Each week, LD OnLine gathers interesting news headlines about learning disabilities and ADHD issues. Please note that LD OnLine does not necessarily endorse these views or any others on these outside websites.
To receive these headlines in an e-mail, sign up for our free LD Newsline service. These headlines are available as an RSS feed by clicking on the RSS icon below. We also offer our RSS feeds in an e-mail format which you can subscribe to below.
Note: These links may expire after a week or so. Some web sites require you to register first before seeing an article.
Sort by: | Date | Title |
Garden City News (NJ)
At their November 12th work session, the Garden City Board of Education was updated on co-teaching, in which two teachers — one who concentrates on general education and one whose specialty is special education — share the responsibility for a single group of students. They teach the required curriculum and address Individualized Education Program (IEP) goals, with mutual ownership and joint responsibility.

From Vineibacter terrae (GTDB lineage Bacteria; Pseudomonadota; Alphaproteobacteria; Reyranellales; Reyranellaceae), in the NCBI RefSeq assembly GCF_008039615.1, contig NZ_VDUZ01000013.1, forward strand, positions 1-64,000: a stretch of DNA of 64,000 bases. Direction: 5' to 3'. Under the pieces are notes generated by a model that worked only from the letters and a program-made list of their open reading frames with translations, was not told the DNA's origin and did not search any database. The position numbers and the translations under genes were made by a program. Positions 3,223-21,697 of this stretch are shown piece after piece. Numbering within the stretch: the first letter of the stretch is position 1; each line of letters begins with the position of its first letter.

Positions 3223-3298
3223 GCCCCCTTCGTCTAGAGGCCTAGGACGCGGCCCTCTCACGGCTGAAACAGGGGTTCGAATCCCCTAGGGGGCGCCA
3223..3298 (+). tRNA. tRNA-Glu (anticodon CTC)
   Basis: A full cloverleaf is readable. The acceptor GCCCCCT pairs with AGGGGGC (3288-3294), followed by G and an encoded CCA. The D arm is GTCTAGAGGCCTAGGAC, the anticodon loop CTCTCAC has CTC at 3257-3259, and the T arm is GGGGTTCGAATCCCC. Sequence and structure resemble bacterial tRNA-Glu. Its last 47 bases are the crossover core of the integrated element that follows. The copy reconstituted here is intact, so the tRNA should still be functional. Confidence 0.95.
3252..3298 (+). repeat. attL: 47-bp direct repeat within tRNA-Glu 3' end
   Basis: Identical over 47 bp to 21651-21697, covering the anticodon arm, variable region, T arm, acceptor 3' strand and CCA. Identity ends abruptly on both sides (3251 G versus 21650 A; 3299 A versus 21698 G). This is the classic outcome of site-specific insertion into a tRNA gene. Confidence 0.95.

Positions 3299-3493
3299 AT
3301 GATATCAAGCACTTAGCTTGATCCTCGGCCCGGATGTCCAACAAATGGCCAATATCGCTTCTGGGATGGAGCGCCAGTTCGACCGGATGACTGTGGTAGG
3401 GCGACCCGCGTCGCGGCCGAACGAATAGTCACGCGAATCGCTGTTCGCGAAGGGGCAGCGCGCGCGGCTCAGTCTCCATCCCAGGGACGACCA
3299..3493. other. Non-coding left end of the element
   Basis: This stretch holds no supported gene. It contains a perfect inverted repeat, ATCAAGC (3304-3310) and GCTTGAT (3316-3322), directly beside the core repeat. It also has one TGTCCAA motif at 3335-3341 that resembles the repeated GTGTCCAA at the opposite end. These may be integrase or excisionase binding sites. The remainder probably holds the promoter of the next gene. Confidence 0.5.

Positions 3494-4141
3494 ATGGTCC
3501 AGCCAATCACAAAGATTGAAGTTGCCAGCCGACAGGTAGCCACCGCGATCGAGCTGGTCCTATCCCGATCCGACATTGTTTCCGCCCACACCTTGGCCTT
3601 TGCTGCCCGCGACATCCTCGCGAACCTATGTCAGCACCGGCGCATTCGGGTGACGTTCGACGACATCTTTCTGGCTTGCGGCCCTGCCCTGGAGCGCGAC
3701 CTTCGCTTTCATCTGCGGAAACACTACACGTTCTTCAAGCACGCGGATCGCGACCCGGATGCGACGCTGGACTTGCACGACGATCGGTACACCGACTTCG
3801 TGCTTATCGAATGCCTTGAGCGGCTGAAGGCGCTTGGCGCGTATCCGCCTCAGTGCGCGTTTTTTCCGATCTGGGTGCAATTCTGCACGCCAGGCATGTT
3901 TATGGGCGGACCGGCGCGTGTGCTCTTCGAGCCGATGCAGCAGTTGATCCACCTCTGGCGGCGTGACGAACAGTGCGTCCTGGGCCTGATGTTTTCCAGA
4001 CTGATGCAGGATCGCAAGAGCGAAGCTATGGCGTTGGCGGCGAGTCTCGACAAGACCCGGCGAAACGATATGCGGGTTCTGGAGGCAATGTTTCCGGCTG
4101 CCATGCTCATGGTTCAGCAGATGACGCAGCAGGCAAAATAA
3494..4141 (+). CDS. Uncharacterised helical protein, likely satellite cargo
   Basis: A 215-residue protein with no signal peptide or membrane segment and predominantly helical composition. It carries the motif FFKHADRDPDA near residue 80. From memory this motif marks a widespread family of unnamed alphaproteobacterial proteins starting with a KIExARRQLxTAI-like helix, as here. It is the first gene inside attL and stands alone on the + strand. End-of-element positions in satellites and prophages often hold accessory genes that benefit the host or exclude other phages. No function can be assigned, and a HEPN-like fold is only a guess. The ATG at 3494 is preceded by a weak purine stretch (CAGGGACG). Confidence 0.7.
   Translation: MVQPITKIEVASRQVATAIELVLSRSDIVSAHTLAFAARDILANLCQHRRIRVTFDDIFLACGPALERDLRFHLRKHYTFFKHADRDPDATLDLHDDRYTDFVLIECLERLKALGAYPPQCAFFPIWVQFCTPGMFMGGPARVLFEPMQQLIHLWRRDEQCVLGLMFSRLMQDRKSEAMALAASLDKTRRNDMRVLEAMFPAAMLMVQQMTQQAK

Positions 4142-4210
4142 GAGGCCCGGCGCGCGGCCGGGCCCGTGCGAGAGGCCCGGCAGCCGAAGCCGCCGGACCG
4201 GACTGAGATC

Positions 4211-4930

The Fort Scott Tribune (KS)
USD 235 approved new Assurances and Intervention Plan that outlines when and how district officials need to intervene in the process of educating students. Superintendent Randy Rockhold said, "We did not previously have a document that clearly defined our academic intervention process. It details how we go about screening if a need comes up, how we intervene in the general education process, and how to set up interventions."
Roseville Press-Tribune (CA)
Patrick MacAuley is on his school's honor roll. The 13-year-old earns 100 percent on many of his assignments. There are few red marks on his homework and hardly any corrections or comments. That's precisely what concerns his mom. As a child with attention deficit hyperactivity disorder and dyslexia, Patrick was enrolled in what's known as a Special Day Class at Warren T. Eich Intermediate School in Roseville last year. But his mother Dodie MacAuley calls it "babysitting."
Ottumwa Courier (IA)